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Colorsanding painter
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990 Posts
Discussion Starter · #1 ·
I got my son's hood for his 90 Chevy truck back from the airbrush guy and started sanding on it this weekend after it sat in the sun for two weeks behind my shop. It has Nason Giallo Fly basecoat with Nason 497-00 clear as the base color and then flame stripes with Nason base and 498-00 clear over that. The problem occurred when I went to cut the dirt and bugs out of what the airbrush guy sprayed on the "stripes", I can cut it wet with 400 grit and when it dries, the clear still has a sheen as if it hasn't been sanded. I know he used 498 clear but don't know about the activator or how much activator he used. He swears it was mixed per the can directions. Any ideas on what might have caused this? I'm about to sand it all off and start over. The clear I sprayed over the yellow does as it is supposed to when sanded.

Thanks in advance.
 

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put up or shut up
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3,144 Posts
In a perfect world I'd cut it a little earlier than that and let the clear breathe a little before buffing. Sounds like you may have waited too long to cut but then again I don't cut my clear with 400 grit. Seems like in any case it should be cutting with a 400. Is there polish on it?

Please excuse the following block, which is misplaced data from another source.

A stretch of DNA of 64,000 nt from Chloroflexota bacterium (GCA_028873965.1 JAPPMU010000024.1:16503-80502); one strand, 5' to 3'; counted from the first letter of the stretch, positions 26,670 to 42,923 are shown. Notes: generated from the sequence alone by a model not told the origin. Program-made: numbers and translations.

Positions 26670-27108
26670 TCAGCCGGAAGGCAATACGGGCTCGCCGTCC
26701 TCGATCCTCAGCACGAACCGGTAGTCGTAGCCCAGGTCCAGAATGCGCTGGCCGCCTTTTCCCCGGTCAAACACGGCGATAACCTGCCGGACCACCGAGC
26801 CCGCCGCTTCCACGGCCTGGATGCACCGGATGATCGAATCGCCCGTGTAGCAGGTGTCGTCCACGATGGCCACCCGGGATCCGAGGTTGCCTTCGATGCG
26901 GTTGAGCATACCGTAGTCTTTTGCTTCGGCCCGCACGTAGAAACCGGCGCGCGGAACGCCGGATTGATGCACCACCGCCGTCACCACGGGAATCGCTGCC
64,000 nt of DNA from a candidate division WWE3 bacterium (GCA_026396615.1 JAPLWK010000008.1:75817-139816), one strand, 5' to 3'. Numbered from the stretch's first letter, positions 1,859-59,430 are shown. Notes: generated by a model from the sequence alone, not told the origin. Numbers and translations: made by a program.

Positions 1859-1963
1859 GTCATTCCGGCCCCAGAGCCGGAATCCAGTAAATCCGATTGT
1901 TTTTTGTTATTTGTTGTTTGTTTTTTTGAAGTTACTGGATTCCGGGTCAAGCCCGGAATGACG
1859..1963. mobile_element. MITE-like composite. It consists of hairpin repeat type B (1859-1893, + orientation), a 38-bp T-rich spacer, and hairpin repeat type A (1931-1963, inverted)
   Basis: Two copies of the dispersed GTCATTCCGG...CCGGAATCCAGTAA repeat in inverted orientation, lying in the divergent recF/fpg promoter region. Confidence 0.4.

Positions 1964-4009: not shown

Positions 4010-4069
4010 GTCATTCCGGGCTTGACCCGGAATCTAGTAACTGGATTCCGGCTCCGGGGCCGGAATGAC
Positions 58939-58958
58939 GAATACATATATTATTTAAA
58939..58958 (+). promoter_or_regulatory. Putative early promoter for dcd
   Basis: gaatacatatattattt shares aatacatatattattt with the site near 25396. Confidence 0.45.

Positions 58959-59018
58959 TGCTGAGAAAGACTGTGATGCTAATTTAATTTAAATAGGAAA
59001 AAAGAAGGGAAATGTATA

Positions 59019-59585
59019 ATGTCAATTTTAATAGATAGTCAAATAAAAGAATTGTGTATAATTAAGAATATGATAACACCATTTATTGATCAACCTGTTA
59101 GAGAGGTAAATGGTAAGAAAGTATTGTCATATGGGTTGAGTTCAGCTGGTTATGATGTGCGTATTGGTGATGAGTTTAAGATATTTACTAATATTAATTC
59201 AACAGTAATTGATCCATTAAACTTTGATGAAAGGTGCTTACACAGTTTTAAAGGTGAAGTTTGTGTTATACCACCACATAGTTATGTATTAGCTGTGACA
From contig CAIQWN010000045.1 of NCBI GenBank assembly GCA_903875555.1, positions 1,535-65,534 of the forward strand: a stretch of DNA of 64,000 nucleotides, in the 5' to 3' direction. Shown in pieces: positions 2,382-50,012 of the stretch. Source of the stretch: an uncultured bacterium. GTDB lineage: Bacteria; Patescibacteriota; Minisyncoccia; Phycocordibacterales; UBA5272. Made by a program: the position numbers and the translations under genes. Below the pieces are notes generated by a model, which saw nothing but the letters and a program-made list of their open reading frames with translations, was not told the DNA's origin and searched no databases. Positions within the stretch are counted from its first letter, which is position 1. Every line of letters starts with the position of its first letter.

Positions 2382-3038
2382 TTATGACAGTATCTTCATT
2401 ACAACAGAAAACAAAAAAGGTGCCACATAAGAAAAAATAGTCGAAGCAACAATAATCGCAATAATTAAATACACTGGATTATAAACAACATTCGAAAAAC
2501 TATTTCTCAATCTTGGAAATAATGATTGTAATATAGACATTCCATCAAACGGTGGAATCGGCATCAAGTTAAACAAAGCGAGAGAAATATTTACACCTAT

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Colorsanding painter
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990 Posts
Discussion Starter · #3 ·
This is to cut and reclear. Our intention was to cut the edges, clear the whole hood and make the seam disappear but this clear is not acting like clear normally does.
 

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3,591 Posts
Anytime you wet-sand a clear and then set in the sun and the scratches disappear, means it was unactivated or the activator is bad, cause by the solvents escaping.

Once the activator gets below 50% of activity, this is when you will see this.

The clear will never be stable, if it has had that much sun life.

The job you are doing, I would only take the clear off, just not worth the risk of re-coating and you end up taking all of it off a year later, when it looks like dried mud.
 

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Colorsanding painter
Joined
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990 Posts
Discussion Starter · #5 ·
Anytime you wet-sand a clear and then set in the sun and the scratches disappear, means it was unactivated or the activator is bad, cause by the solvents escaping.

Once the activator gets below 50% of activity, this is when you will see this.

The clear will never be stable, if it has had that much sun life.

The job you are doing, I would only take the clear off, just not worth the risk of re-coating and you end up taking all of it off a year later, when it looks like dried mud.
Barry, he came out yesterday to see what I was talking about and brought the materials he used...the one thing missing was the activator for the clear. You are DNO with this. Thanks a bunch!
 
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